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A ‘guy in a jetpack’ flew near airplanes at LAX. Here’s what happened

American Airlines and Southwest Airlines planes said they saw someone flying a jetpack

A empty street is seen at the Los Angeles International Airport Thursday, May 28, 2020, in Los Angeles. From Britain’s EasyJet to American and Delta in the U.S., airlines are cutting even more jobs to cope with a crushing drop in air travel caused by the coronavirus.
A empty street is seen at the Los Angeles International Airport Thursday, May 28, 2020, in Los Angeles. From Britain’s EasyJet to American and Delta in the U.S., airlines are cutting even more jobs to cope with a crushing drop in air travel caused by the coronavirus.
AP

Someone flew a jetpack at Los Angeles International Airport this week and pilots spotted him, according to Mashable.

What happened:

American Airlines and Southwest Airlines planes said they saw someone flying a jetpack as they approached the LAX airport, according to NBC Los Angeles.

  • One pilot said: “Tower, American 1997. We just passed a guy in a jetpack.”
  • The air traffic controller replied: “American 1997, OK, thank you for the update. Left side or right side?’’
  • The pilot said: “Off the left side at maybe, uh, 300 yards or so, at our altitude.’’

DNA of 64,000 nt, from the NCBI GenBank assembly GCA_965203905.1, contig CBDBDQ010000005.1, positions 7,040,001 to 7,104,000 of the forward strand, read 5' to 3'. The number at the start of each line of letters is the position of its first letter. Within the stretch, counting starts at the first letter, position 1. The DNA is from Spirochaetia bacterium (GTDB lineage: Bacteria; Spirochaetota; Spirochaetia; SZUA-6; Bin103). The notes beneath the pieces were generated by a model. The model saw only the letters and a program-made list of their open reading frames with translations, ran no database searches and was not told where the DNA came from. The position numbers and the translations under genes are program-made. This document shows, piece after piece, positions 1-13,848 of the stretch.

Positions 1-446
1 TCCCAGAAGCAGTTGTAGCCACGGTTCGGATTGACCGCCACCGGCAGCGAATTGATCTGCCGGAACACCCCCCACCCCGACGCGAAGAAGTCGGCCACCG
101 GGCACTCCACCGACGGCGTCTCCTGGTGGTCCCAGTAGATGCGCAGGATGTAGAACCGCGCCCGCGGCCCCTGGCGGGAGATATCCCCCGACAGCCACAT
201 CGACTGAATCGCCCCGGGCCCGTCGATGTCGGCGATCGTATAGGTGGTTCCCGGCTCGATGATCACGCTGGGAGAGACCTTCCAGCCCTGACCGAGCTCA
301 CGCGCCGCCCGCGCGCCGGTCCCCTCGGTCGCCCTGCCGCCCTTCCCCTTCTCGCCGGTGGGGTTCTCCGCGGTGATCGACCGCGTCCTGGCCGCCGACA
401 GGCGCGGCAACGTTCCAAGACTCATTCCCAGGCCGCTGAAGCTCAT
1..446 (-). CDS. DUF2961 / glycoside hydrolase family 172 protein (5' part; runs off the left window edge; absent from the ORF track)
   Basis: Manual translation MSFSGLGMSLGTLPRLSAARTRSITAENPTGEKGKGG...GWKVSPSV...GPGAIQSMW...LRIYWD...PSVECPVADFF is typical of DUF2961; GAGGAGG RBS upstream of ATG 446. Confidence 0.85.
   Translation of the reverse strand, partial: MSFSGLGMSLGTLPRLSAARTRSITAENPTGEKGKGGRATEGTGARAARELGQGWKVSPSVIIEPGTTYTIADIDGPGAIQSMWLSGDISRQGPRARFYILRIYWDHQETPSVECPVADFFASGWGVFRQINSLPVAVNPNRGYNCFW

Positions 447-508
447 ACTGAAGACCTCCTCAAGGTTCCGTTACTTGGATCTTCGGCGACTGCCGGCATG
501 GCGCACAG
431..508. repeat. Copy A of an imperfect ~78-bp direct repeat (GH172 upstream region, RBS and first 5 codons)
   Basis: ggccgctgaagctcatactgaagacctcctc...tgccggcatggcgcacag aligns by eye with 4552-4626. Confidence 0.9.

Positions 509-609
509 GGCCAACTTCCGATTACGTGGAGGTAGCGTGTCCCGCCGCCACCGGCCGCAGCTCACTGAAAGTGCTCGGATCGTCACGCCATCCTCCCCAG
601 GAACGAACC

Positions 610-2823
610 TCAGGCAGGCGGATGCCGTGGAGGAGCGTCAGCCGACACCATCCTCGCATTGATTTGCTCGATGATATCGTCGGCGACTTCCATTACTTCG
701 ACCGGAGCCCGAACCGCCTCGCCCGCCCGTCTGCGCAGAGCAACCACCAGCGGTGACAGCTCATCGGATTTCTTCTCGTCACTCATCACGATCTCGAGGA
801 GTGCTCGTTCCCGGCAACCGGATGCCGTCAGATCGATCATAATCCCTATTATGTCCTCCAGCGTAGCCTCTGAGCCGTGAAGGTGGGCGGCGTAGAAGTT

• “Tower, we just saw the guy pass by us.”

The LAX tower then told a JetBlue pilot that there was “a person with a jetpack reported 300 yards south of the L.A. final at about 3,000 feet.’’

  • The pilot said: “We heard and are definitely looking.’’

Ian Gregor, communications manager for the FAA’s Pacific Division, confirmed the incident in a statement to NBC Los Angeles.

“Two airline flight crews reported seeing what appeared to be someone in a jetpack as they were on their final approaches to LAX around 6:35 p.m. PDT Sunday. The FAA alerted local law enforcement to the reports, and is looking into these reports.”

The FBI has begun an investigation, according to the Associated Press.

Why it matters:

Seth Young, a pilot and a professor of aviation at Ohio State University, told The New York Times that it was “very dangerous” to fly near an airplane like that.

“The risk is obviously having a collision with that airplane or getting a drone, or the person getting ingested into an engine,” Young said. “We have these issues with birds flying within congested airspace, as well.”